Mead Lover’s Digest #161 Sun 27 June 1993

Forum for Discussion of Mead Brewing and Consuming
John Dilley, Digest Coordinator


re: Wildflower Mead (Dick Dunn)
Re: Mead Lover’s Digest #160 (June 26, 1993) (Jacob Galley)

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Date: 26 Jun 93 10:34:46 MDT (Sat)
From: (Dick Dunn)
Subject: re: Wildflower Mead

Bob McDonald ( wrote:

> Rat asks if he should use sulfites to control fermentation in the bottle.
> Aside from the already posted information regarding the alcohol level being
> high enough to kill all remaining yeast cells…[use sorbate]

I think in that particular case he might have enough alcohol to stop the
yeast for good…but this is not as certain as one might think. I’ve had
fermentation seemingly stopped for weeks and the mead quite clear, yet
bottling somehow woke up the yeast and it carbonated the mead.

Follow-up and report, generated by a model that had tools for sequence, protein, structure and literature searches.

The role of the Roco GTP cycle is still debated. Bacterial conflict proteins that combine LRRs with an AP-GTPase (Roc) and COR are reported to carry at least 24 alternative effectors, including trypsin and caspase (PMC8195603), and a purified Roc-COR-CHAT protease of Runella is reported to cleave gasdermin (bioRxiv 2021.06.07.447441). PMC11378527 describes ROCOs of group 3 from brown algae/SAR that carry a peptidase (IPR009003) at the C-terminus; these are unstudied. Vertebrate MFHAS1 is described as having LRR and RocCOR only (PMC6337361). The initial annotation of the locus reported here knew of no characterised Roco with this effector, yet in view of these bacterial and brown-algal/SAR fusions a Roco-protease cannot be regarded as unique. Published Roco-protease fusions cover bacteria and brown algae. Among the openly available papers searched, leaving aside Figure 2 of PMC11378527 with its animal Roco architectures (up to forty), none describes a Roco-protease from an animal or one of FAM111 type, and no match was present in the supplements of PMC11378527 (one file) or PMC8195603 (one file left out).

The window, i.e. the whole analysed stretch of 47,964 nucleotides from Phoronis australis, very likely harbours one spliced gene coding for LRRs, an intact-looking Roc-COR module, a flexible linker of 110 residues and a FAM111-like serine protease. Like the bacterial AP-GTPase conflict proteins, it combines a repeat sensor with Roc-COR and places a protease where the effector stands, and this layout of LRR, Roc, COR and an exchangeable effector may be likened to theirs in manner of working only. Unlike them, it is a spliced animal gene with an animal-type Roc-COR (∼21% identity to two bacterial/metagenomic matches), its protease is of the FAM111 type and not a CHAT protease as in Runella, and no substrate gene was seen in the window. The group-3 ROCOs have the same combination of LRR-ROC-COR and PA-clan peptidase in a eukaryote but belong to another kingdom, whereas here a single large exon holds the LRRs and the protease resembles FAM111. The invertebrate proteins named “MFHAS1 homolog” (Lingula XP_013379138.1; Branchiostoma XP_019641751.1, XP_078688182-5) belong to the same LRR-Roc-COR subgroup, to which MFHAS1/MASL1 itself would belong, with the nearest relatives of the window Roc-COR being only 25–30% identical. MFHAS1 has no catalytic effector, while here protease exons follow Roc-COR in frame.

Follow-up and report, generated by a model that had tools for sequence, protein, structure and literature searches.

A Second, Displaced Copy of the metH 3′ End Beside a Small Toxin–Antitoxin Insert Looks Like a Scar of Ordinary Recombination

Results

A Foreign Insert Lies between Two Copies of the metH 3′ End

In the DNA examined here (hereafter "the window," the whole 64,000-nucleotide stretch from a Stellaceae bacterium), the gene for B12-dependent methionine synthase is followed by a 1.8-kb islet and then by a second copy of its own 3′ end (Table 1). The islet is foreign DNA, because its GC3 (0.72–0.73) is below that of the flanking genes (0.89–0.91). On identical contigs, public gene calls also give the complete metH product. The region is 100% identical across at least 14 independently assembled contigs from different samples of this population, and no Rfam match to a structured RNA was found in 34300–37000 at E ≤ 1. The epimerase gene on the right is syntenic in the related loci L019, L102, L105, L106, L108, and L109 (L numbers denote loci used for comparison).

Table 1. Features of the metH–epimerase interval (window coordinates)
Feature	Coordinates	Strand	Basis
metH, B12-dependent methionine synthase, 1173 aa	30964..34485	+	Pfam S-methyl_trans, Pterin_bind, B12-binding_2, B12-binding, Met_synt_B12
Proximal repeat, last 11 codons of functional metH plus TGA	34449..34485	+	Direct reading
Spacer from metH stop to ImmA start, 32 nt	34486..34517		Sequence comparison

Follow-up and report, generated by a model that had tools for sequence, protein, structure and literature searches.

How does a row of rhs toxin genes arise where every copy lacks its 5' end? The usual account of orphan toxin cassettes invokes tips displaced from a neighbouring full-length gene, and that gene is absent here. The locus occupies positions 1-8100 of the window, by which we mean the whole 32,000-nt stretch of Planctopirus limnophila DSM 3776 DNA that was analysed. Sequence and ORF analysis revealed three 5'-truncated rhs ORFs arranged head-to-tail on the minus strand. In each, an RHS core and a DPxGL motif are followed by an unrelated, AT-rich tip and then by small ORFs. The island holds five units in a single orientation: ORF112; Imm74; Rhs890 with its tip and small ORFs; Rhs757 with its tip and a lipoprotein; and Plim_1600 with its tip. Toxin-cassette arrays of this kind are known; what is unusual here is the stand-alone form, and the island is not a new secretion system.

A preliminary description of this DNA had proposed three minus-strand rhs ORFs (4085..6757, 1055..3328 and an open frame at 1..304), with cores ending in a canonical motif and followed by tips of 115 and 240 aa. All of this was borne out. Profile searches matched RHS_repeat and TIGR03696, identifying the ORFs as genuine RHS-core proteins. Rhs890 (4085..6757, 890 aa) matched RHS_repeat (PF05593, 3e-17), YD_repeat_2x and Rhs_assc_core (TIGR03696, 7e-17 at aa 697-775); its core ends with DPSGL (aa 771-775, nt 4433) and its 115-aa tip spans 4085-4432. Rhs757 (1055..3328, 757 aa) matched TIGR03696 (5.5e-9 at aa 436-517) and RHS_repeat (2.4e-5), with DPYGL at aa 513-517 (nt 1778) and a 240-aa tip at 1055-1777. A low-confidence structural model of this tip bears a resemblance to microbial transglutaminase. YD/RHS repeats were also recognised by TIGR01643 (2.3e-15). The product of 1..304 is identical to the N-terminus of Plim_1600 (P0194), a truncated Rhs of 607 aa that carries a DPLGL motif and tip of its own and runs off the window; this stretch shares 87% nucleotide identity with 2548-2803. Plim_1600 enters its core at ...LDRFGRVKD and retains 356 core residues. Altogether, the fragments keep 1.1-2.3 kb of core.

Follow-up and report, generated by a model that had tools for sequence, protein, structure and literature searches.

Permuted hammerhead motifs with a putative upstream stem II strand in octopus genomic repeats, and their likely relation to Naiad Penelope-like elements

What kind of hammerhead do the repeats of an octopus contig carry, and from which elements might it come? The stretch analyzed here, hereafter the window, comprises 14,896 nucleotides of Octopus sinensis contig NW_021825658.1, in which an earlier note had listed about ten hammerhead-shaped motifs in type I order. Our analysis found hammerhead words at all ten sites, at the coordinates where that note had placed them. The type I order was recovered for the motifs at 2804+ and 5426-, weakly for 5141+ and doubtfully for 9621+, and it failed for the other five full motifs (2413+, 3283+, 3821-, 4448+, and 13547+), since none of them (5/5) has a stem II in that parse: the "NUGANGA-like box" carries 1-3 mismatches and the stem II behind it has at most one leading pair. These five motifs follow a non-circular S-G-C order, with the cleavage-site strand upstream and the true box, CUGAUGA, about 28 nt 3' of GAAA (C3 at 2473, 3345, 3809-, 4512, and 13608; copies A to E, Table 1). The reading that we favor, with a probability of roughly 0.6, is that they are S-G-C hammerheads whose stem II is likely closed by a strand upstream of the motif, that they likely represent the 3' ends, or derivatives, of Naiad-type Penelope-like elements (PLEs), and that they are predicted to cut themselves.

In one case, it produced enough carbonation that I noticed some bulging
caps; I ended up opening all the bottles, adding sorbate, and re-bottling.
(It turns out that bottling is actually not my favorite part of the whole
mead-making process; I’d like to avoid this if at all possible.:-) FWIW,
this mead had an effective starting gravity of 1.115, and was bottled the
first time at 1.014.

Dick Dunn -or- raven!rcd Boulder, Colorado USA

…Simpler is better.

Date: Sat, 26 Jun 93 17:43:36 CDT
From: Jacob Galley <>
Subject: Re: Mead Lover's Digest #160 (June 26, 1993)

> Date: Fri, 25 Jun 93 16:52:47 PDT
> From: (Devan DzM MacFarlane)
> Subject: Clarifying honey
> I’ve recently purchased 24 pounds of honey to produce a five gallon batch
> of mead. The problem is that the honey is crystallized (not badly, but enough
> that there is a grainy texture to the honey). Is there a way to clarify
> the honey, or is it not a problem for me to use this honey as is?

When I have a small jar of crystalized honey, I simply warm it up in a
pan of boiling water. You should be able to use the honey as it is.
This reminds me of another tip which I don’t remember seeing mentioned
here: If you microwave your honey for a minute (or more?) before
adding it to the boil, it is extremely easy to pour (and of course
extremely hot).

But I wonder, if the honey you just bought is crystalized, doesn’t
that mean it’s already rather old?


* What’s so interdisciplinary about studying lower levels of thought process?

<– Jacob Galley *

End of Mead Lover’s Digest